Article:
* * * * * *
"A taxpayer who elects to use the `unit-livestock-price method' must apply it to all livestock raised, whether for sale or for breeding, draft, or dairy purposes. Once established, the unit prices and classifications selected by the taxpayer must be consistently applied in all subsequent years in the valuation of livestock inventories. No changes in the classification of animals or unit prices will be made without the approval of the Commissioner." Treas.Reg. 111, § 29.22(c)-6, as amended by T.D. 5423, 1945 C.B. 70.
By another Regulation the Commissioner directed that "in any case in which it is necessary to use an inventory, no method of accounting in regard to purchases and sales will correctly reflect income except an accrual method." The same regulation requires that "A taxpayer who changes the method of accounting employed in keeping his books shall, before computing his income upon such new method for purposes of taxation, secure the consent of the Commissioner", and that "a change in the method of accounting means * * * a change from cash receipts to the accrual method, or vice versa", or a change involving the basis of valuation employed in the computation of inventories. Treas.Reg. 111, § 29.41-2.
On May 19, 1953, following the amendment to Section 117(j), the Commissioner acted upon the refund claims, recognized that the sales of breeding stock were entitled to capital gains treatment, allowed the claims in part, disallowed them in part, and assessed tax deficiencies for 1946 and 1949. The taxpayers sued for the amount of their claim which had been disallowed. The district court held that the proceeds of baby calves sold with their mothers should be taxed as ordinary income and $10 of the price of the pair was allocated as the price of the calf. No question is before us with respect to the tax incidents of the sale of the calves. The district court resolved the other questions for the taxpayers and entered judgment against the Collector, from which judgment he has appealed. Before the district court it was claimed by the Government, as it is claimed before us, that the taxpayers were on a unit-livestock-price inventory accrual basis and that they could not, under the regulations, change from such basis to a cash basis and take the breeding stock out of the inventory without the consent of the Commissioner. Therefore, the Government says, the taxpayers are entitled to a capital gain measured by the difference between the accrued cost basis attributable to the breeding stock sold and the sales proceeds. The district court held that the taxpayers were entitled to a capital gain on the entire purchase price. In the Court's findings of fact it was recited:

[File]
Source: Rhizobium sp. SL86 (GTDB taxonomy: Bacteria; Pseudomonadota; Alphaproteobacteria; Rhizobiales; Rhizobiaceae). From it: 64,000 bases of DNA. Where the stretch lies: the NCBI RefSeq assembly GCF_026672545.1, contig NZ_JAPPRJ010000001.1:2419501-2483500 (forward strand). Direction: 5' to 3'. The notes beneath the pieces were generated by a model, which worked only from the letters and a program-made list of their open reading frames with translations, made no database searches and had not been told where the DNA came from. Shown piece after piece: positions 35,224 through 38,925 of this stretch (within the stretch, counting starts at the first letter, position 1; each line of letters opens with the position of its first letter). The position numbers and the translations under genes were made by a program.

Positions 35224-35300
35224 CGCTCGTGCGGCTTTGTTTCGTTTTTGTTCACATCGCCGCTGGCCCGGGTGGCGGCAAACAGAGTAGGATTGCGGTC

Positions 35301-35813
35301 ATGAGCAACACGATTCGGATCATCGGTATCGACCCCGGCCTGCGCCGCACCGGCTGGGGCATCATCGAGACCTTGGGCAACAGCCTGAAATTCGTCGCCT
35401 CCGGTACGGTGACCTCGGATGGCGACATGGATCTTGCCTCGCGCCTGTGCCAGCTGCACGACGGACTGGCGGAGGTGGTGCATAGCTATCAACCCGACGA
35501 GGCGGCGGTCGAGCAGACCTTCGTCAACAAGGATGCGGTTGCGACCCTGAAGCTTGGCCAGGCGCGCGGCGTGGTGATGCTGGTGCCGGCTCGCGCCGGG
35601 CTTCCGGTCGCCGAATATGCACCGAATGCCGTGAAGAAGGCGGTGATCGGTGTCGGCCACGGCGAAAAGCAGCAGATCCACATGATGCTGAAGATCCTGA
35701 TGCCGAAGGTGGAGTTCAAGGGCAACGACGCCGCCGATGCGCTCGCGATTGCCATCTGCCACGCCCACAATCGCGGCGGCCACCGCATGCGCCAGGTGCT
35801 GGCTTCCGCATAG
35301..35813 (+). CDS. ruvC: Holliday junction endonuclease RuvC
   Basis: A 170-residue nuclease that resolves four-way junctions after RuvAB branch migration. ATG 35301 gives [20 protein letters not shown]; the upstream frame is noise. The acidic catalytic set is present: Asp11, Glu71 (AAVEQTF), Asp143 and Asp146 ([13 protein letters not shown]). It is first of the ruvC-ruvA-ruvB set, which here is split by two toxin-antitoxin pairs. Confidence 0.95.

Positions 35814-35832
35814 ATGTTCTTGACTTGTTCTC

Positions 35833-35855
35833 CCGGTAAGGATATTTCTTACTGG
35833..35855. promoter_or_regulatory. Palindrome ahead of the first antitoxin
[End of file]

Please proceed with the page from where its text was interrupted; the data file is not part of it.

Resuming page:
"The uncontroverted evidence shows and the Court finds that (i) such approval [of a change in accounting methods and inventory practices] could not have been obtained for the years involved because they had already passed when the issue arose (following the Albright decision in 1949) and (ii) the Commissioner had refused to consider and approve any such application until his Bureau Release of May 12, 1953, and (iii) that plaintiffs in their claims for refund and in the administrative hearings were seeking the right to correct a mistake by simply removing a capital asset that, under the terms of Section 117 (j) could not be the subject matter of an inventory, and which should never have been in the inventory in the first place."
The district court held that the portions of Regulations 29.22(c) which require the inclusion of breeding stock in a ranch inventory were in conflict with Section 117(j) and hence invalid, and that no change of accounting method was involved and therefore neither the approval nor consent of the Commissioner is required. The sole issue we are to determine is whether the cost basis to be used in computing the capital gain on breeding stock sold is zero, as the taxpayers claim, or a basis accrued under the unit-livestock-price method of inventory valuation, for which the Government contends.
In 1944 the Commissioner ruled that the cost basis of stock of a breeding herd of a taxpayer on a cash receipts and disbursements basis had a zero cost on such livestock, but as to a taxpayer on an accrual basis the accrued inventory basis would be regarded as cost. By this ruling it was said that animals culled from a breeding herd as feeder or slaughter animals would not be treated as capital assets. I.T. 3666, 1944 C.B. 270. In the following year the Commissioner undertook to define animals "culled from the breeding herd" as including stock "which due to injury, age, disease or any other reasons (other than that of changing the breed or the quality of the offspring) are no longer desired by the livestock raiser for breeding purposes, and also the normal selection for sale of animals for the purpose of maintaining the herd at a regular size." I.T. 3712, 1945 C.B. 176. Two years later, on August 4, 1947, the Commissioner wrote a member of the Senate that "culls" would include all animals sold in excess of the animals added to the herd as long as the herd was held at normal size, and sales of culls would give rise to ordinary income. 1948 C.C.H. Par. 6091.